Why the war on poor and working families? Power and political donations from the 1 percenters

Why the war on poor and working families? Power and political donations from the 1 percenters

February 11th, 2014 in Opinion Times

Why do Republicans keep living up to their nickname, the "Party of No"? And why do Americans keep ignoring the GOP's blatant wars on everything: women, the poor, Hispanics, equality?

Robert Reich, an economist, professor of public policy at the University of California at Berkeley, and a former Secretary of Labor in the Clinton administration has the answer. And it goes something like this: money and power.

Reich isn't onto anything many haven't felt for a long time. But he's vocal about it. Very vocal.

He has written 13 books, including the best sellers "Aftershock" and "The Work of Nations." His latest book is "Beyond Outrage." His new film, "Inequality for All," is available on iTunes, DVD, and On Demand. He is a founding editor of the American Prospect magazine and chairman of Common Cause.

But in a new, two-minute video recently touted by MoveOn.org, Reich gives a brief but effective synopsis of the hard-right conservative Congress and suggests Americans "follow these seven dots."

• They are against extending unemployment benefits for people out of work more than six months, even though there's still only one job for every three people who are unemployed.

• They don't want to raise the minimum wage, even though today's federal minimum wage is 25 percent below what it was in 1968 when adjusted for inflation.

• They are against extending Medicaid to millions of low-wage workers.

• They want to cut food stamps.

• They refuse to invest in education or job training.

• They don't want to invest in America's crumbling infrastructure or any kind of jobs program.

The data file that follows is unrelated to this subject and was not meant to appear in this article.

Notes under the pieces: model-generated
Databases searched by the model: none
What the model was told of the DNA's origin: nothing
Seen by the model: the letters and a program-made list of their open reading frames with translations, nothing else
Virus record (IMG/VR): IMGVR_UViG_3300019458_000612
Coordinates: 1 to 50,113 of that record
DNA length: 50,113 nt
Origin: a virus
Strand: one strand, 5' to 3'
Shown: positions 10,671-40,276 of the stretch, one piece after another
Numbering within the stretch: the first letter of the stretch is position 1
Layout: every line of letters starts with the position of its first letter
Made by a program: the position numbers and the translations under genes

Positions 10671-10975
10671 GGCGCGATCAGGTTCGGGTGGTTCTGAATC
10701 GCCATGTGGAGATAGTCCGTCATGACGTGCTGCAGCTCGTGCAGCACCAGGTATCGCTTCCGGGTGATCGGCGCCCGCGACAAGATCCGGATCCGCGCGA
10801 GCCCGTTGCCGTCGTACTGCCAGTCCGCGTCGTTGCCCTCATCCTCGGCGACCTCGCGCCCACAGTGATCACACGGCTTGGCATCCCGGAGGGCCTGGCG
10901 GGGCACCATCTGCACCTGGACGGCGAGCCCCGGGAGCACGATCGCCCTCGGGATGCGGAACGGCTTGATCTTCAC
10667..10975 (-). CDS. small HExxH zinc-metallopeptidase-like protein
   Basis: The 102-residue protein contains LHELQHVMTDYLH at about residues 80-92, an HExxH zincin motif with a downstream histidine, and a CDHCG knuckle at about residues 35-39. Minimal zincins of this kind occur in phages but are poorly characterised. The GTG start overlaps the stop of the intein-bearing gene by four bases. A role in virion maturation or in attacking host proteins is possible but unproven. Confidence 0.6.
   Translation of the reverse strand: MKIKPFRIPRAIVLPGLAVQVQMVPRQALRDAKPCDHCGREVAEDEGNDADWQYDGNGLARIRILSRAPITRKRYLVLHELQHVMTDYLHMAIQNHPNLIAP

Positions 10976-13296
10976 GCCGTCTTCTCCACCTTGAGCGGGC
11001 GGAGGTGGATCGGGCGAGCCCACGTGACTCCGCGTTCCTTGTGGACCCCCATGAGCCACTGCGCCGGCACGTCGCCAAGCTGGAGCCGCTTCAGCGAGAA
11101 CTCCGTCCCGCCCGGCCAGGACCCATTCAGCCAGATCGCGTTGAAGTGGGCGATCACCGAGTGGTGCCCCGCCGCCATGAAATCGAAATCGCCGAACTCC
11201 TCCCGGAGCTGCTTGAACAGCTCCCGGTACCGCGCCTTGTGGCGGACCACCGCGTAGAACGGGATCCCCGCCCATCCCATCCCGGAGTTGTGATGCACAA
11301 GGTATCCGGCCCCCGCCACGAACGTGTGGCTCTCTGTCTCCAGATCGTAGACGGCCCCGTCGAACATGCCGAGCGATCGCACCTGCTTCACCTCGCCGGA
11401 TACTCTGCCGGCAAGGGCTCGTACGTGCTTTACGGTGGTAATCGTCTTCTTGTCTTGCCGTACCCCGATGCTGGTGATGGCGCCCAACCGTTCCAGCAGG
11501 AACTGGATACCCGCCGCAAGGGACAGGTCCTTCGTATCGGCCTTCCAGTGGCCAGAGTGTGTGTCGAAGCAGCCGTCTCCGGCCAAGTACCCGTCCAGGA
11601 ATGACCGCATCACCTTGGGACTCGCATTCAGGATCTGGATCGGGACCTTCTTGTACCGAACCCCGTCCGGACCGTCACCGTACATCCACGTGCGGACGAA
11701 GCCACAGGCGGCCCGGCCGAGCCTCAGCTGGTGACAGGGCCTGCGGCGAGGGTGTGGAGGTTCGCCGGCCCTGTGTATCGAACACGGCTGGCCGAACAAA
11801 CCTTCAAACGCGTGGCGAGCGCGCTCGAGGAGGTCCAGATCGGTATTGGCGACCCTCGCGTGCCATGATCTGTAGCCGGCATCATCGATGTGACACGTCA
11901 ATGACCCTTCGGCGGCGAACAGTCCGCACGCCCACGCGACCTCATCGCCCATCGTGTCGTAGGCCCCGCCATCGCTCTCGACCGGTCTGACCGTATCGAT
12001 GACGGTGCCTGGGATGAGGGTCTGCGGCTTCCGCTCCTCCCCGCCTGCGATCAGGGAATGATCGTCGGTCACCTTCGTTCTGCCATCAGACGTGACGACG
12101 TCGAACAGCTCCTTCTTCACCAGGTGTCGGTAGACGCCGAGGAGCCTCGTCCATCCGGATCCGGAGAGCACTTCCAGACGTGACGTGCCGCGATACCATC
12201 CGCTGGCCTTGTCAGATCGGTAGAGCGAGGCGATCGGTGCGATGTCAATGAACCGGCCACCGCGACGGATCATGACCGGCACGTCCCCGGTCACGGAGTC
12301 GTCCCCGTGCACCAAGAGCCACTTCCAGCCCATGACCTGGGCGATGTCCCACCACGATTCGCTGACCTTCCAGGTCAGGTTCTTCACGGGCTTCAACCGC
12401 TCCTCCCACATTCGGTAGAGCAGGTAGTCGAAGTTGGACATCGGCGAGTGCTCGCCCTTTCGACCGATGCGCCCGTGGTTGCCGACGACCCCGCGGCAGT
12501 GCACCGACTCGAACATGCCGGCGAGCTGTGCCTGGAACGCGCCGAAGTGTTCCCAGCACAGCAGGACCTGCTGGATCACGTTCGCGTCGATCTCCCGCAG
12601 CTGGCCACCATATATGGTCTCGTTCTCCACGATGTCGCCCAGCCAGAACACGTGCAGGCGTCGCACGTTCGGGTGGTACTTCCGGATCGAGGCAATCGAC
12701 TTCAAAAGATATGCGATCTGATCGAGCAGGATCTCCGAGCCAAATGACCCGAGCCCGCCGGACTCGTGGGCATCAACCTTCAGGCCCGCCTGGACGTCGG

• They want to bust unions.

"Do you see a pattern here?" Reich asks. "They're waging a war on the poor and working-class in order to keep people down."

Sound cruel and counter-productive? It is. But Reich, who Time magazine voted one of the 10 most effective cabinet secretaries of the 20th century, believes there is a method to the madness.

When you're poor and have no support and no bargaining and have to feed your family, you're desperate, Reich reasons.

"You take whatever they are willing to pay you, even if it's next to nothing. And you won't dare make a fuss. You won't complain about unsafe work conditions or toxic chemicals leaking out of storage tanks or anything else. You won't run the risk of trying to form a union. You won't get involved in politics. You won't make a ruckus, or rock the boat in any way. "You'll take whatever they choose to give you because you are sinking. ... You'll do whatever they tell you.

"That's fine with them [conservatives]. But it's bad for America," Reich says.

Yes, it is.

Reich's two-minute video doesn't talk about what the rabid right's reward is for this blind-side to poor and working families. But it's fairly obvious.

Just look at the many "defund Obamacare" web pages with "Donate Now" buttons. Why do sitting congressmen like Ted Cruz and conservative groups need money for Congress to vote 45 times on a law that isn't going anywhere. The members of Congress are paid by taxpayers every day they are working.

Follow the dots -- and the money.